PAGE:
Structural lesions

The lack of firm evidence for a correlation between seizure variables and remote memory performance led three groups (Bergin et al., 2000; Lah et al., 2004; Voltzenlogel et al., 2006) to conclude that temporal lobe pathology, rather than the resulting seizures, was responsible for patients’ difficulty in remembering the past. Recently, Noulhiane et al. (2007), investigating a small group (n = 22) of post-operative TLE patients, found correlations between autobiographical memory scores and the volumes of residual medial temporal lobe structures, particularly in the right hemisphere, as measured on MRI scans. In other studies, remote semantic memory impairment was found to vary with aetiology (Viskontas et al., 2000; Voltzenlogel et al., 2006), pre- or post-operative status (Viskontas et al., 2000) and the extent of operative excision (Lah et al., 2004). Two studies found an additional correlation with age (Bergin et al., 2000; Viskontas et al., 2000). On the other hand, in the syndrome of TEA (Manes et al., 2001, 2005; Butler et al., 2007) and in the five case reports discussed earlier, extensive retrograde amnesia occurs with minimal or no clinically apparent structural brain damage. Kapur (2000) has suggested that, in such cases, intermittent clinical or sub-clinical seizure activity beginning in the medial temporal lobes may disrupt neocortical networks that act as storage or retrieval sites for remote memory.

Functional brain imaging studies of activation patterns during autobiographical memory recall [see Maguire (2001); Svoboda et al. (2006) for reviews] implicate the involvement of a wide network of brain regions, including frontal, temporal and posterior cortices, as well as cerebellum and sub-cortical structures. The relative importance of these areas is likely to vary with factors such as the age of the memory, the emotional and perceptual content and the degree of personal significance (Svoboda et al., 2006). Future studies of patients with disproportionate impairments of autobiographical memory, such as those considered here, using both structural and functional imaging in life, together with post-mortem examination, will help to clarify which brain regions and processes contribute to this deficit.

Anticonvulsant medication

Two studies found a positive correlation between remote semantic memory loss and the number of anticonvulsants taken (Lah et al., 2004, 2006). Interpretation of this result is confounded by the close relation between medication dose and the severity of epilepsy. It would be possible to investigate the relation between remote memory and anticonvulsants more directly by studying patients taking these drugs for conditions other than epilepsy. However, it seems unlikely that this is the principle cause of the problem since, for example, TEA patients complain of profound autobiographical memory loss prior to starting treatment and are usually maintained on low dose monotherapy (Butler et al., 2007).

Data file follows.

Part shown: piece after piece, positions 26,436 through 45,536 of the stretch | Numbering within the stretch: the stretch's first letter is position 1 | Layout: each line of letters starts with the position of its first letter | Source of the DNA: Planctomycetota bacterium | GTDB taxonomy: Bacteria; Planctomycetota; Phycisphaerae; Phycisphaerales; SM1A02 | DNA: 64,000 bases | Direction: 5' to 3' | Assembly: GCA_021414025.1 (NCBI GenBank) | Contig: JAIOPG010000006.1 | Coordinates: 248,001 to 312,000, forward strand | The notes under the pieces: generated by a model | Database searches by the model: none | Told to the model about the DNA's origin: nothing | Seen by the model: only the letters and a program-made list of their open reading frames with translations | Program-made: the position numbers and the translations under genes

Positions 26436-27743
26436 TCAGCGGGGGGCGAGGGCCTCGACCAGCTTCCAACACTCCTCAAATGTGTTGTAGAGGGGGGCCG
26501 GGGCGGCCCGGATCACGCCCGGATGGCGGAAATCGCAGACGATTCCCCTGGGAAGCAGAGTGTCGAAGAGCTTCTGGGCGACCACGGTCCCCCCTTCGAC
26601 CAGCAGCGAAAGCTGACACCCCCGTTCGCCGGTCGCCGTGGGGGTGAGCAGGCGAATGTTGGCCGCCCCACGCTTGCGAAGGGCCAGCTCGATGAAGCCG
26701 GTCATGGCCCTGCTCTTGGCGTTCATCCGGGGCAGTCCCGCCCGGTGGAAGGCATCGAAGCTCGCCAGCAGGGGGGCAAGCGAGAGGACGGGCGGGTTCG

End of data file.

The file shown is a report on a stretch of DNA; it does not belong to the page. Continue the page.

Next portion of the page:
Psychosocial factors

Mood disturbance is associated with ‘overgeneral’ memory for public and autobiographical events (Warren and Haslam, 2007). It is therefore important to consider the possibility that mood disturbance associated with epilepsy may be playing a part in producing RMI. Only one of the studies reports data pertaining to this: Butler et al. (2007) found no evidence of a difference in past or present diagnoses of major depression or generalized anxiety, and no correlation between scores on the Hospital Anxiety and Depression Scale and RMI or ALF in patients with TEA. In future explorations of the mechanisms underlying RMI, detailed data on possible mood disturbance will be essential.

Part IV: Theoretical aspects and future directions

We have reviewed three linked forms of memory impairment related to epilepsy which, collectively, may help to explain the high prevalence of memory complaints in people with epilepsy who score normally on standard neuropsychological tests. The three phenomena co-occur regularly in the syndrome of TEA, but ALF and RMI are also seen in other forms of epilepsy, and RMI can result from a variety of neuropathologies.

In this final section we will (i) place these phenomena in the context of current theories of memory consolidation; (ii) review the possible roles of seizures and structural pathology in ALF and RMI occurring in epilepsy; (iii) briefly explore the association between amnesia on awakening and persistent memory disruption evident in the syndrome of TEA.